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A mania appears to have gripped cannabis stocks. Tilray, a Canadian maker of cannabis products, surged as much as 94 percent Wednesday, gave it all back and then rallied again in the final 18 minutes to close up nearly 40 percent. Along the way, trading in the stock was halted four times. The company went public in July at $17 a share and has soared nearly 1,160 percent to close Wednesday at $214.06. Tilray is now valued at $20 billion, making it roughly the same size as American Airlines, CBS and Hershey.
The Amazon effect strikes specialty retailers. Amazon, according to CNBC, is testing out a new service, called Scout, that is designed to make it easier for consumers to browse by asking them to give a thumbs up or a thumbs down to products and then showing other products based on their choices. News of the service hit the stocks of specialty retailers. Shares of Stitch Fix were down 6 percent on Wednesday, while Wayfair and Etsy were off nearly 3 percent.
Companies have been stockpiling ahead of the latest round of tariffs on Chinese goods. Imports of more than 80 percent of the product lines covered by the tariffs increased from May through July, and imports of over a quarter of those product lines jumped by more than 25 percent, according to S7P Global’s Panjiva, a supply chain data firm.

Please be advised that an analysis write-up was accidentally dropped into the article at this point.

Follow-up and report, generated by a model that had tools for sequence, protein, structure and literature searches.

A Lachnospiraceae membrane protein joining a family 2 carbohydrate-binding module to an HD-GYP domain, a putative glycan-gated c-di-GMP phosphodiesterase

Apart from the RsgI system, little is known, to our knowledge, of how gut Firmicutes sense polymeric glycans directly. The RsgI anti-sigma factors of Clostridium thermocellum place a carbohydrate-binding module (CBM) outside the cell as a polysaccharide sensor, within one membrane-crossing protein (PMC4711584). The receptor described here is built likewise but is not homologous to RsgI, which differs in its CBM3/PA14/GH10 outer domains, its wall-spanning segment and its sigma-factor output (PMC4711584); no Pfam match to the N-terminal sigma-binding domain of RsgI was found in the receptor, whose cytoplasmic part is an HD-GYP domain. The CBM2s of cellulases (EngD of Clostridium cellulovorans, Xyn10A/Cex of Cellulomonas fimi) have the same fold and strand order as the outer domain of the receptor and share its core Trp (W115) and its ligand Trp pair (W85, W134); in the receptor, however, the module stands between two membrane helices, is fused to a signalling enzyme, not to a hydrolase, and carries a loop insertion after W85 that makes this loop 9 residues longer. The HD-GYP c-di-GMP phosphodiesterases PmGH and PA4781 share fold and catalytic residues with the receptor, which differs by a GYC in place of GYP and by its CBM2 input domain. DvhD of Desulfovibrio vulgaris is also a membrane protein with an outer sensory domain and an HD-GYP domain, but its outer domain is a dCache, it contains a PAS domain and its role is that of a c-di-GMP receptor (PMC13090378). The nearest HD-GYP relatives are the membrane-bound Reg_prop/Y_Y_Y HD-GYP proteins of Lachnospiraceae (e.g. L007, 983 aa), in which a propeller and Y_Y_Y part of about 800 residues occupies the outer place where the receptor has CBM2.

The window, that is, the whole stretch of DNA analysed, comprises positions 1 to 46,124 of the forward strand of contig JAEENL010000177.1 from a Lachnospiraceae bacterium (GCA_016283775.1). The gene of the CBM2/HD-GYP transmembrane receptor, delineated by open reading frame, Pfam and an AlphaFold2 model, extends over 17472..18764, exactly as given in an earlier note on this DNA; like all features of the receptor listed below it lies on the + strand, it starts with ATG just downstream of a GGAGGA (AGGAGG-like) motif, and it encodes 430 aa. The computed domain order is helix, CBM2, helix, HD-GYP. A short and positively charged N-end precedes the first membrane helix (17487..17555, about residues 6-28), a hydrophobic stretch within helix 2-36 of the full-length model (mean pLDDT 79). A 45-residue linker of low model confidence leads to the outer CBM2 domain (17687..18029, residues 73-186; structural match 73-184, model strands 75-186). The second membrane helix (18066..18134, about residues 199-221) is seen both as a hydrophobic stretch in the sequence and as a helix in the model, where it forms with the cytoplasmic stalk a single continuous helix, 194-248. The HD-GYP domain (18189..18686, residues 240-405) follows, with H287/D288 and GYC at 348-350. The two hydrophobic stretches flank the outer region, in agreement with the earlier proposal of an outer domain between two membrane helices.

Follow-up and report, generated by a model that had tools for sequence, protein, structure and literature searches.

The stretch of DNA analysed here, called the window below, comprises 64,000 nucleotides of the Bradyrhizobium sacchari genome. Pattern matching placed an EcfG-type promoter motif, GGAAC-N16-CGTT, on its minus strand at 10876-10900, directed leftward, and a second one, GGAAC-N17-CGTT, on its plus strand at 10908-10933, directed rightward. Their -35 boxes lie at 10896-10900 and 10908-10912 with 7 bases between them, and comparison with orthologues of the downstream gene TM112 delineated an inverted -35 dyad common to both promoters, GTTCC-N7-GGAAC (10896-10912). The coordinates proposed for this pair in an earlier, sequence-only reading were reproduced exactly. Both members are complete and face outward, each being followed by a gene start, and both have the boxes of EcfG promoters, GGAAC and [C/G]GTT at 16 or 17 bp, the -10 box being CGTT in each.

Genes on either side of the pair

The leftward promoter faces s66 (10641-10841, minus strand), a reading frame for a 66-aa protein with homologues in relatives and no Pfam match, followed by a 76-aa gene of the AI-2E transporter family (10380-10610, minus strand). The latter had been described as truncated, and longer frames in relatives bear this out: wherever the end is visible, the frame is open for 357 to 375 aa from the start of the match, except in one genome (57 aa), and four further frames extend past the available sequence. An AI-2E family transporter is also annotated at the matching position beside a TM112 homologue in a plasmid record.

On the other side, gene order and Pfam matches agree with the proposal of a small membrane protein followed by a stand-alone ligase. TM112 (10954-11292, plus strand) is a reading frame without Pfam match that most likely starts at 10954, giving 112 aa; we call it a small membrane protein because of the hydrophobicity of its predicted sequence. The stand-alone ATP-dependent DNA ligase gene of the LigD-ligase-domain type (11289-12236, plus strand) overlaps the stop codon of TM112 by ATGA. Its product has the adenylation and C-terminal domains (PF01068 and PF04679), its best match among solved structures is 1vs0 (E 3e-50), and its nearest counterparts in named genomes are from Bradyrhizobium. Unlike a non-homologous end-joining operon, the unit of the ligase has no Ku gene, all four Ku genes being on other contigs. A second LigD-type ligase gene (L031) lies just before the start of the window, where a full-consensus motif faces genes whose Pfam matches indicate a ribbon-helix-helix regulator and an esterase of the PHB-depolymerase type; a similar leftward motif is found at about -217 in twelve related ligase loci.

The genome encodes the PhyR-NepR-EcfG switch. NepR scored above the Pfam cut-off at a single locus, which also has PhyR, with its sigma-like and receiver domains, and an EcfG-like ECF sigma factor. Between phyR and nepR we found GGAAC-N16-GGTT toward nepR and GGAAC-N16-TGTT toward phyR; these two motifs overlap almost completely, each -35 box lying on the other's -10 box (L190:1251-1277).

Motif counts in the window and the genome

Forget the “Fed Put.” The market now has a “Trump Tariff Put.” One of the most persistent questions over the past several months: Why haven’t stocks on Wall Street sold off more on the escalating trade war between the United States and China? Nicholas Colas, a co-founder of DataTrek Research, offered an explanation. “President Trump measures his administration’s success in part by how the S. & P. 500 and Dow perform,” Mr. Colas wrote. “If market fears of a real and lasting trade war were to sharply hit United States stocks, he would moderate his position quickly.” That sounds an awful lot like the so-called Fed Put, which is essentially the idea that the Federal Reserve will come to the rescue of investors by lowering rates whenever stocks tumble.
Housing starts in the United States rose in August. The United States housing market could use some upbeat news after months of weakness. The headline number from the Commerce Department’s report on housing starts on Wednesday looked like it. But a deeper look suggests that the 9.2 percent jump in housing starts last month is likely not sustainable. The increase was driven by a 29.3 percent rise in multifamily buildings, a segment that tends to be volatile. Building permits, a good gauge of future activity, fell to their lowest level in more than a year. Thursday will bring further clarity on the health of housing. The National Association of Realtors will release its report on sales of existing homes, which account for about 90 percent of home sales in the United States. Economists expect sales to tick up after four months of declines.